Four olive varieties are grown on the property, Nocellara, Giarraffa, Biancolilla and Cerasuola. All native to Sicily. This is one of the styled bottle shots of the Giarraffa I shot in my studio

Classic Italian Risotto

Classic Italian Risotto

Classic Italian Risotto. Photo by Leslie Brienza

I learned many things about cooking good Italian food while spending the summer with my relatives in Italy. The way they simply prepare the meals, the high quality, natural products they use and the conversations and good times that evolve around the dinner table are all part of every day life there.  These are things we rarely see or have time for anymore in the U.S. 
The one thing I remember most from cooking with them is that they don’t measure or weigh hardly at all. It’s all about ‘a pinch of this’, ‘a bunch of that’, ‘about 20 of those,’ or ‘a handful of these’. Unless it’s a specific dessert where precise measurements are required it really isn’t that important. We tend to complicate things by using recipes that have 30 ingredients which, to me, taste just as good when using only six. Of course the quality of ingredients used is why they only need a few.
I made this risotto without any measuring because I only watched what they were doing but didn’t write it down. Nonetheless I was so happy with the results. It also allows for a more relaxed way of cooking.  A lot of it is in the method of preparation which Italians make so simple. The following recipe has simple guided measurements otherwise It wouldn’t help you at all. Just keep in mind these are approximations and the most important things are the quality of ingredients and the way the ingredients are prepared.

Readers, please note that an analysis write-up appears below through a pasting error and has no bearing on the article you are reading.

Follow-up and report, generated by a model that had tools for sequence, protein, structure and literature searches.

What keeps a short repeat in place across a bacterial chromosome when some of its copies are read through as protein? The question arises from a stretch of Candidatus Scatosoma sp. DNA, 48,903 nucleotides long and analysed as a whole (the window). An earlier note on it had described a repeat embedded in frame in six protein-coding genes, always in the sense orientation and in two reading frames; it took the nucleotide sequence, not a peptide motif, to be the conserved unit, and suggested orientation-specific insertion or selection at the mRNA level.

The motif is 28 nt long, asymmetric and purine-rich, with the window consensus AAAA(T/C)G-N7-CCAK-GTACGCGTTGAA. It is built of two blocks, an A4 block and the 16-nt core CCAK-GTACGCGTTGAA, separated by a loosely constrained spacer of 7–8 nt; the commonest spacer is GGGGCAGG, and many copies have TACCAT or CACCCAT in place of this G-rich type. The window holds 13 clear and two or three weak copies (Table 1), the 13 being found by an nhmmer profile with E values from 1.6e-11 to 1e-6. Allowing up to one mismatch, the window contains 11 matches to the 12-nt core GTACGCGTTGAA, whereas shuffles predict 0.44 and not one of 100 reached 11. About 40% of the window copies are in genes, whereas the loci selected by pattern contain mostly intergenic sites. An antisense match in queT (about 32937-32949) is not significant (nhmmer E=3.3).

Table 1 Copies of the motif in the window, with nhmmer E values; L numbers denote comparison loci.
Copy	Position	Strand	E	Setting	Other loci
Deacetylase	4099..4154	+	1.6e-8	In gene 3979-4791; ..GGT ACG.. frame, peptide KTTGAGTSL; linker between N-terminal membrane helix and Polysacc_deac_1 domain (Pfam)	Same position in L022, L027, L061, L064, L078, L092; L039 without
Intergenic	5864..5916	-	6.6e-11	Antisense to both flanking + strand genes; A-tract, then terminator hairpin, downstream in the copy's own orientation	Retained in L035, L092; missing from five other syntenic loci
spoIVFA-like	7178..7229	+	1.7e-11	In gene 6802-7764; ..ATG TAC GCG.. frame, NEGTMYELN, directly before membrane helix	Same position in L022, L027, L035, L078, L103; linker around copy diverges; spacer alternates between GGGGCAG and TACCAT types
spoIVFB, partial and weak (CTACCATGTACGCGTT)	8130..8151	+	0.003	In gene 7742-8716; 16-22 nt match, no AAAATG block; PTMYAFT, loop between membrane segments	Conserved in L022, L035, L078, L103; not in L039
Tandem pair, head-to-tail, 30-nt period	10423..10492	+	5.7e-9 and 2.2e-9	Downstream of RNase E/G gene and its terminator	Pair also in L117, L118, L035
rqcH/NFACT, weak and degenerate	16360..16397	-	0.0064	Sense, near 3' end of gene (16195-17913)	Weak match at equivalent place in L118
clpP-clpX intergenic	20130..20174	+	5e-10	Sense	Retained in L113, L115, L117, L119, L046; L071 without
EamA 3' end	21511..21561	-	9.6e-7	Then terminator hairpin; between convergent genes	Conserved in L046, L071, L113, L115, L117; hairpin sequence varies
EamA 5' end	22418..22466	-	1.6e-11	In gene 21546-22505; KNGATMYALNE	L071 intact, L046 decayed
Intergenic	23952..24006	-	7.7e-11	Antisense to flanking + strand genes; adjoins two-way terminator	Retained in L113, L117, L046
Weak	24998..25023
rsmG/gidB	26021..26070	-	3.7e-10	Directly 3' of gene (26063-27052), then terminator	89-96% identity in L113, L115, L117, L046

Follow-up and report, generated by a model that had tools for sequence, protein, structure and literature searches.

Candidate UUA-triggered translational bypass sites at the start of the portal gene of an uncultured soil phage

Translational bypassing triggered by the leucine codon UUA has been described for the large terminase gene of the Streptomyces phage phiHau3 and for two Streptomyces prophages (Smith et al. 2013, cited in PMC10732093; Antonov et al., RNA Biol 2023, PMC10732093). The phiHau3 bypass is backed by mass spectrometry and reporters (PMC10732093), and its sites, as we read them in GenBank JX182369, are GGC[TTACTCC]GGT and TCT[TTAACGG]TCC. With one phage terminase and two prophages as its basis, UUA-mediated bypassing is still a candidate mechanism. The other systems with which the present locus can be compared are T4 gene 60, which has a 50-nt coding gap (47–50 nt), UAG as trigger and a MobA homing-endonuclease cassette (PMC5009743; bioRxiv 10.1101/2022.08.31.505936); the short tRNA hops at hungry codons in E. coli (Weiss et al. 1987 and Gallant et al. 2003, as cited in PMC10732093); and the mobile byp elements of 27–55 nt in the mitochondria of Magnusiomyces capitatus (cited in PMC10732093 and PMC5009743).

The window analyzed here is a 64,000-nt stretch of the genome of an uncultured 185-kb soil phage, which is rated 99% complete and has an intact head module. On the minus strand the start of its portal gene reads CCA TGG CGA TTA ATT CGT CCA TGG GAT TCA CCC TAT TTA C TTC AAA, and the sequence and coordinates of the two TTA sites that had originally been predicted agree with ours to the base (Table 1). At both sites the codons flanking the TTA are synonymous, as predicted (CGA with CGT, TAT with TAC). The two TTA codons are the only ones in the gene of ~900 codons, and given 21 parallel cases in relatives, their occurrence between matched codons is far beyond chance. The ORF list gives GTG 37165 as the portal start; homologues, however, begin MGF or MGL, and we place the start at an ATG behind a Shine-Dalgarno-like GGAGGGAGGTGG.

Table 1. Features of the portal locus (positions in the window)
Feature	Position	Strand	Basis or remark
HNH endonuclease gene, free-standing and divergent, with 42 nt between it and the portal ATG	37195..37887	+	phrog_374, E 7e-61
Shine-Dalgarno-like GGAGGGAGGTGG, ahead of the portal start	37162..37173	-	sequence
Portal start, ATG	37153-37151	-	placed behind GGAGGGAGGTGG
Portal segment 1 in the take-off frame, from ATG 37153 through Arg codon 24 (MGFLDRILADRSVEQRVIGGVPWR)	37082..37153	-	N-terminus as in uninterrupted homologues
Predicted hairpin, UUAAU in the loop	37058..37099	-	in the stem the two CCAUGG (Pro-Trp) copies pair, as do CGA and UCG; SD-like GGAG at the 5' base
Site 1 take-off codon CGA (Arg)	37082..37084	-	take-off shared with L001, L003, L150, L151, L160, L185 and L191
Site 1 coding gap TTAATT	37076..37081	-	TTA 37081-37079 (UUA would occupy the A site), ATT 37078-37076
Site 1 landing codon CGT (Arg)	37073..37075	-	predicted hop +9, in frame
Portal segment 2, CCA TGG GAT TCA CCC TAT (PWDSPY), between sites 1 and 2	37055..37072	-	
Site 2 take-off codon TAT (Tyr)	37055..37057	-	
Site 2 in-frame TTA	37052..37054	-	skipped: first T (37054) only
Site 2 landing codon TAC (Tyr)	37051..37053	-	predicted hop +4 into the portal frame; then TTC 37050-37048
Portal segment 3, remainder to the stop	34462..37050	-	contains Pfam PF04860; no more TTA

Since I can remember I’ve always made risotto with arborio rice and some will argue this is the king of rice for risotto. Well, I discovered that many use carnaroli rice as well and when I asked my relatives it was split down the middle. I decided to try it with carnaroli for the first time. What I found was that the risotto seemed a lot creamier and also absorbed more of the broth than I remember when using the arborio, lending it more flavor. Even with more absorption of the liquid the rice still held it’s texture and firmness. Carnaroli will now be my rice of choice from now on.  I wonder how it would be for rice pudding, hmmm, that’s another post! If you’ve tried it or have any tips for your own risotto post a comment below.

This recipe made enough for four as a first course.

Classic Italian Risotto
Serves 4
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Prep Time
15 min
Cook Time
50 min
Total Time
1 hr 5 min
Prep Time
15 min
Cook Time
50 min
Total Time
1 hr 5 min
  1. Carnaroli rice - about one cup
  2. Chicken broth- I used about one quart
  3. 1/2 onion, chopped fine
  4. Extra virgin olive oil- enough to soften the onions
  5. 2 generous pinches of salt
  6. White wine - I used about 1/2 cup
  7. 2 pats of butter
  8. Parmigiano Reggiano cheese- freshly grated-I used about 1/2 - 3/4 cup
  9. Truffle oil, to drizzle on top
  10. Black pepper, freshly ground
  11. Fresh basil leaves, for garnish
  1. Heat chicken broth in a saucepan to almost boiling
  2. In another larger saucepan cook chopped onion in olive oil over medium heat until translucent
  3. Add rice and cook until starches start to release
  4. Add white wine and salt and cook until wine is evaporated
  5. Add broth, one ladleful at a time, stirring constantly until evaporated after each addition
  6. Once rice is al dente turn heat to low and add butter and cheese stirring until incorporated
  7. let rest for about five minutes before spooning into bowls